Proceeds of Crime Bill

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Vera Baird: I regard my hon. Friends in the Committee as the most distinguished group of lawyers with whom I have been acquainted with for some time. I have no difficulty in relying on their judgment—or, indeed, on my own.

I shall relate some of my own experience to the hon. Gentleman—briefly, I promise, Mr. O'Brien. I have been involved in several cases in which apparently serious drug dealers were on the verge of being brought to book. The evidence against them has been strong. The decision of whether to plead guilty in many such cases has, in my experience, not been markedly influenced by guilt or innocence—perish the thought—or by a factor that one would have thought highly important: the considerable discount on sentence that one can earn by pleading guilty at the outset. That issue, too, is often on the back burner for such defendants. The question that they ask themselves is, ``If I plead guilty, to what extent will the Drug Trafficking Act bite on my boat and my house in the Caribbean, on my daughter's house in Hampshire, and on my own home? The judge is under pressure to get results in terms of trial turnover and so on, so can I persuade him that what he needs to slip to me to convince me to take the honourable course of pleading guilty, is to say that the Act will not bite on aspects a, b, c, and d?'' That is an appalling position into which to put a member of the judiciary. The bigger the Mr. Bigs—the ultimate targets of the legislation—the more danger there is of that occurring. In future the judge will be saved from that dilemma, because the clause requires him to proceed in the reasoned way set out and consider exactly the right course in terms of taking assets. He has no choice; he must embark on that process. However, the process also gives him an internal discretion which allows him to do justice. The clause provides an excellent balance.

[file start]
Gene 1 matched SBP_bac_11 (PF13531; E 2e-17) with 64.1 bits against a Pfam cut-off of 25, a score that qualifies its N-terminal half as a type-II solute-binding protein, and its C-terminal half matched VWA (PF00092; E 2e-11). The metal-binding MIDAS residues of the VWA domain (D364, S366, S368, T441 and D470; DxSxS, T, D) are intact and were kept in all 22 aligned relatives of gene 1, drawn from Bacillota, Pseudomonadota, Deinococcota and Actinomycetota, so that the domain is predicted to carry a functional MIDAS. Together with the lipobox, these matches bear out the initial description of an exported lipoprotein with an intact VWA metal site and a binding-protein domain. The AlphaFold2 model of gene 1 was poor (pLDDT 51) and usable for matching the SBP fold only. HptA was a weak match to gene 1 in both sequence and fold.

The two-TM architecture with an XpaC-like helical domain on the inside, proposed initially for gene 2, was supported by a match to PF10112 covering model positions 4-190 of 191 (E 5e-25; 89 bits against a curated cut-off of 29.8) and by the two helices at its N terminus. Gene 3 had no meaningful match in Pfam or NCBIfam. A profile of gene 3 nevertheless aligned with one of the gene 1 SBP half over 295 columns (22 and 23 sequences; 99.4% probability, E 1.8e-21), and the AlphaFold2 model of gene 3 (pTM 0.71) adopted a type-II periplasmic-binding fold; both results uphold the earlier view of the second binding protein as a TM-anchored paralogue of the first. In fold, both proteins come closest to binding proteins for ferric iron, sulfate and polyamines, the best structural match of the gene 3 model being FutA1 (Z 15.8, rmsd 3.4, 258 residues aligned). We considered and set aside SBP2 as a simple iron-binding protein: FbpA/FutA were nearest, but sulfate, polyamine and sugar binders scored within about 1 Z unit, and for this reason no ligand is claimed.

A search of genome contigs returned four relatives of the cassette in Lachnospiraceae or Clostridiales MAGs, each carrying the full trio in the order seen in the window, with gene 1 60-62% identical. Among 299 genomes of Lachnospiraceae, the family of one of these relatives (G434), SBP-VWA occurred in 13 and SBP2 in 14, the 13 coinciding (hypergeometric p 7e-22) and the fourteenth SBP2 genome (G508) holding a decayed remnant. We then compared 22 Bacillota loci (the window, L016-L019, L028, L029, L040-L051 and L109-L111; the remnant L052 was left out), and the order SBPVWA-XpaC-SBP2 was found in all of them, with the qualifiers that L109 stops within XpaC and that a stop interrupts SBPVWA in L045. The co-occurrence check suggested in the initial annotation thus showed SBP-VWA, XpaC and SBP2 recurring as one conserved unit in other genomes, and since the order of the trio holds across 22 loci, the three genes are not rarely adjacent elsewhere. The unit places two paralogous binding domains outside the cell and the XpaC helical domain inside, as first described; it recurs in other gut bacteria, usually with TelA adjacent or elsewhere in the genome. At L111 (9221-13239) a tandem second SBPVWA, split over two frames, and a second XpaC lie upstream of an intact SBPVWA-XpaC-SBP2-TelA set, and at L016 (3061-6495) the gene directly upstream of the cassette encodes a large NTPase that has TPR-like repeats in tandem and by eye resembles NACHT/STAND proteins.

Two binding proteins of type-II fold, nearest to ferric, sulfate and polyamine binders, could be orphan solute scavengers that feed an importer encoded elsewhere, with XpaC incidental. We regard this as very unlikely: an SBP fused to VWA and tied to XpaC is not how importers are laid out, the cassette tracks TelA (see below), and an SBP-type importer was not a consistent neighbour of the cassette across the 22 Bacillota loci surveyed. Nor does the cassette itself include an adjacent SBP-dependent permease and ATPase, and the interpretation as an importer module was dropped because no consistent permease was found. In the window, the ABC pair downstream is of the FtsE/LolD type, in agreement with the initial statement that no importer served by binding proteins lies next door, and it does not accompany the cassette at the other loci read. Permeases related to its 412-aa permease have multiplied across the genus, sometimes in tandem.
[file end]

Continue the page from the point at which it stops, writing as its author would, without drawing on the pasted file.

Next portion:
I ask Opposition Members what is wrong or illiberal about sending out a clear message that if a person is convicted of crime, the court will have an obligation to consider removing all that it finds to have been the profits of that crime?

Mr. Hawkins: Will the hon. Member give way?

Vera Baird: I have finished.

Ian Lucas: The hon. Member for Cities of London and Westminster (Mr. Field) said something interesting. He referred to innocent people being affected by the Bill, and in particular the clause. That is the key misunderstanding. Opposition Members do not seem to have registered the fact that the legislation deals with people who have been convicted of serious offences. It is entirely proper that the rigorous provisions should kick in.

I have had some experience in the field—like that of the hon. Member for Beaconsfield, mine was some time ago. It is important that we as legislators accept that we have a legitimate role in the area. It is right that judges have their role in our constitutional system, but we must learn from our constituents that there is a real perception that drugs legislation has failed in the past. It is our responsibility to improve the present system. That is what the legislation is about. It is clear that the discretionary provisions that previously existed have not addressed the drugs problem, which has got worse over the years. That is why I am grateful to my hon.—and undoubtedly learned—Friend the Member for Redcar (Vera Baird) for making it clear that the compulsory element in the legislation is crucial because the deterrent is crucial. It must be clear from the outset that the Bill is about deterring people from committing serious criminal offences that affect our constituents.